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Customer's Attempt To Complain To Manager Thwarted By Employee

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Customer's Attempt To Complain To Manager Thwarted By Employee

ELGIN, IL—A customer's repeated attempts to complain to the store manager about Mama Z's Pizza employee Matt Wheaton were successfully thwarted by Wheaton, restaurant sources confirmed Monday.

"At about 10 p.m., this guy calls up bitching about how he got sausage on the pizza we delivered, going all apeshit because he's, like, a vegetarian or something," the 20-year-old Wheaton told reporters while mopping behind the counter. "So I was like, 'Tough break, man'—you know, trying to sympathize with him. But that just totally pissed him off for some reason."

Wheaton said he attempted to determine whether the customer, Gary Marchese of 344 Gloria Street, could "deal" with the pizza as is or if he wanted to go through the trouble of having another one delivered.

"He got all mad about that, as if I was insulting him by saying he should just pick the sausage balls off," Wheaton said. "He told me that even if he picked them off, the meat juice was still all over the pizza. Finally, I was like, 'Okay. What the fuck. I'll send the driver out with another one right away, sir.'"

An hour and a half later, Wheaton answered the phone to find Marchese, 54, inquiring as to the whereabouts of his replacement pizza. He informed Marchese that "someone" must have forgotten to put in the order.

"So [Marchese] says, 'Well, Matt, you are the person I spoke with, aren't you?'" Wheaton said. "Right then and there, I knew this guy was gonna be trouble, remembering my name like that. Sure enough, he cuts loose with, 'Could I please speak to the manager? Perhaps he can help me get my money back.'"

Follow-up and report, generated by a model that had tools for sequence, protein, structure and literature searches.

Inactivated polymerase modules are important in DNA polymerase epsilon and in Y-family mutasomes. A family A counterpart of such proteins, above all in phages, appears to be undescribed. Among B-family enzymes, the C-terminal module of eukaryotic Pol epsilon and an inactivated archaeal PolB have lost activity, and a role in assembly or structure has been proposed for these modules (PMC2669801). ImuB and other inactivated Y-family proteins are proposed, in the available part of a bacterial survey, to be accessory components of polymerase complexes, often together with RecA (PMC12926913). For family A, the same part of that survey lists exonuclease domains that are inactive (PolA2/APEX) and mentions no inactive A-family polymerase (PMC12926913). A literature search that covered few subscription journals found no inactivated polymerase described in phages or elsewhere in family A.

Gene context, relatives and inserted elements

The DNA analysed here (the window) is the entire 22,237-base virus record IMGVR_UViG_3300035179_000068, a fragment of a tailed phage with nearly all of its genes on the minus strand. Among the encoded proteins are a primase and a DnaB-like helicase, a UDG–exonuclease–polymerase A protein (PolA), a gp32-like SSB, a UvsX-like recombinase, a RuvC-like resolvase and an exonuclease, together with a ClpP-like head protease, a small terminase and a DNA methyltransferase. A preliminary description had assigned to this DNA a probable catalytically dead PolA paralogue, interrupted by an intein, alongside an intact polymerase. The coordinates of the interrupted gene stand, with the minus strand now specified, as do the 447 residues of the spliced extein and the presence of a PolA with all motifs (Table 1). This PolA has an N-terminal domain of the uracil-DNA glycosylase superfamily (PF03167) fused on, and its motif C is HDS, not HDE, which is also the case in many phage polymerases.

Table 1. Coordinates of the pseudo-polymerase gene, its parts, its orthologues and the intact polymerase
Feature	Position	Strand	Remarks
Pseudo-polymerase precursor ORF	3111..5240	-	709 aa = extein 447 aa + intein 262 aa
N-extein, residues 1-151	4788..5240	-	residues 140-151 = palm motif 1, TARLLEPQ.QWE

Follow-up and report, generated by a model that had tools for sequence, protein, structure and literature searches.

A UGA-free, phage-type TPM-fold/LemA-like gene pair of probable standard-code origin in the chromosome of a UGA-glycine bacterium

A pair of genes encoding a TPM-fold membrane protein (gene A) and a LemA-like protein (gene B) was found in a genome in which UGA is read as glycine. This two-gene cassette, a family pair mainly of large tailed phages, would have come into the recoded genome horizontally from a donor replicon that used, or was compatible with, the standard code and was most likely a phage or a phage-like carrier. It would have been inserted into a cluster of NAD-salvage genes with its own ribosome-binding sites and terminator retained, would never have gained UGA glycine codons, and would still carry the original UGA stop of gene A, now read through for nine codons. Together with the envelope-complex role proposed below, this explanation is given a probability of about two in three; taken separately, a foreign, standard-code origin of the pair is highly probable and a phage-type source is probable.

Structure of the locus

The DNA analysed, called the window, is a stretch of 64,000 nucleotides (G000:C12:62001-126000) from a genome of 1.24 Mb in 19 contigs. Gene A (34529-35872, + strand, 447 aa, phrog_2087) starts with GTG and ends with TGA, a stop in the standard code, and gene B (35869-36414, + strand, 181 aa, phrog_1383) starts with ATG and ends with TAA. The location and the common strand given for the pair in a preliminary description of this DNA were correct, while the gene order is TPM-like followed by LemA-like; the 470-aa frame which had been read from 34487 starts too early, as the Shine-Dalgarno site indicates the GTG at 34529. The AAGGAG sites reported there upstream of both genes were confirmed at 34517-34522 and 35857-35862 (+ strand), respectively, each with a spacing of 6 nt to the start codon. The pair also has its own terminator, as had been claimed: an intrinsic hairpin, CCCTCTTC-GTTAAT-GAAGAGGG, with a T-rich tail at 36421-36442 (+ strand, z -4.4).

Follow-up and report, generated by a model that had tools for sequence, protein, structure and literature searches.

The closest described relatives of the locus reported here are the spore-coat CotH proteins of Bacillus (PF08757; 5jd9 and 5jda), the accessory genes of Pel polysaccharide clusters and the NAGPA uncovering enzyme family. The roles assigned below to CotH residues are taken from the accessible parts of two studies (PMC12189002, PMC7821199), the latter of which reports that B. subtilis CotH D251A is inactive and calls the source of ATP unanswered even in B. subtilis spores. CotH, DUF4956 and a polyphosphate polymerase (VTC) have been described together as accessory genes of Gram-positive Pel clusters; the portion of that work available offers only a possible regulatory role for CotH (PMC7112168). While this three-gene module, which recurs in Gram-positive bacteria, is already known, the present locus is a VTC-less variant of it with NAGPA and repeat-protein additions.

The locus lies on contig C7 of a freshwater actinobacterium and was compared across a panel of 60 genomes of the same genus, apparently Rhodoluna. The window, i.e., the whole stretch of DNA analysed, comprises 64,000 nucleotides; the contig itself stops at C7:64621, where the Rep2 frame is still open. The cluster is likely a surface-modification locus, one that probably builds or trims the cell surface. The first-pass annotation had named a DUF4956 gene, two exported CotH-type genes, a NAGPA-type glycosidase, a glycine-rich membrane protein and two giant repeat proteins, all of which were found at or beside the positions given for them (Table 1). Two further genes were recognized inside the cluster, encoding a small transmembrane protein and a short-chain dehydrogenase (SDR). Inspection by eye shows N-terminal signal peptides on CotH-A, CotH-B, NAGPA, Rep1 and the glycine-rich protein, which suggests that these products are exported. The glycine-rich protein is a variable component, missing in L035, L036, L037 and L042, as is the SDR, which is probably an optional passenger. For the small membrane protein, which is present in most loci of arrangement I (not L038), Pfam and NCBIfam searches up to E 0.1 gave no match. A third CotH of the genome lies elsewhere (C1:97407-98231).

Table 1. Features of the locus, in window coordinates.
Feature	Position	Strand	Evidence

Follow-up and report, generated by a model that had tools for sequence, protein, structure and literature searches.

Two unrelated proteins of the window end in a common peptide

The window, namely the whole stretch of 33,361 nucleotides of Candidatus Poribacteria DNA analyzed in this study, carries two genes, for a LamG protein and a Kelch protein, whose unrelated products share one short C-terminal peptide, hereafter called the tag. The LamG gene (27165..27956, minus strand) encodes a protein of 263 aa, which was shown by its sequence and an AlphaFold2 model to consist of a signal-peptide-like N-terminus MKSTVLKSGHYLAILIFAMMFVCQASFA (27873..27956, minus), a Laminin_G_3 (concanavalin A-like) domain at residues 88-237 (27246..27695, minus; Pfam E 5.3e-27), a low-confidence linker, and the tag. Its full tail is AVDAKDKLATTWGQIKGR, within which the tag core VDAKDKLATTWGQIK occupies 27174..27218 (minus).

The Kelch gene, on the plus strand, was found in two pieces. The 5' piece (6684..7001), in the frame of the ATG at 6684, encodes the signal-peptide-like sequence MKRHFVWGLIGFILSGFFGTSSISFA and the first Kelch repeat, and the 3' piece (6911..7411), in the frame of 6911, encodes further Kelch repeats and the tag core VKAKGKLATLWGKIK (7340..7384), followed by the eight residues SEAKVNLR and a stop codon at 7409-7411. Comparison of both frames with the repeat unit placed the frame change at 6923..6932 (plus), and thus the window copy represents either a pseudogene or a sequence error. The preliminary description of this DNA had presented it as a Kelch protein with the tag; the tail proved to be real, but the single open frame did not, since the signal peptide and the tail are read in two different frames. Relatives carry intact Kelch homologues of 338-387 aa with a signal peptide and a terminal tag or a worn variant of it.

Wheaton said he wasn't fooled by the customer's request. "That guy didn't just want his money back," he said. "He wanted to rat on my ass."

Though manager Vance Endries was in the back of the store facing dollar bills, Wheaton told the irate customer that he had stepped out for a few minutes "to go to the bank or something."

"Normally, I wouldn't care if somebody bitches me out to the boss," Wheaton said, "but after skipping work twice last week, I was an ass hair from getting canned."

Vowing to call back later, Marchese asked for Wheaton's last name. Wheaton told him it was Jones. As an added protective measure, for the remainder of his shift, Wheaton answered the phone with an accent somewhere between French and Jamaican. Though Marchese did not call again, he showed up in person the following day.

"This guy comes in and is standing by the door sort of checking everyone out," Wheaton said. "Then I hear him ask Katie [Sullivan] if the manager is in. I knew it had to be that guy from the night before. This time, Vance really was gone, but I ran to the back and got Sid."

Though only a dishwasher, Sid Bricken, a 42-year-old recovering alcoholic and the oldest member of the general staff, was someone Wheaton believed could pass for a manager. Bricken listened to the customer complain about Wheaton for nearly 10 minutes while nodding sympathetically.

"I told the guy I'd put Matt on probation, and I also gave him a bunch of gift certificates and a two-liter bottle of whatever soda he wanted," Bricken said. "He wanted to keep complaining, but I told him I had to go do some manager stuff in the back."

"[Marchese] thought he could outsmart me," said Wheaton, opening an industrial-sized can of sliced black olives. "Well, think again, dude. Think again."

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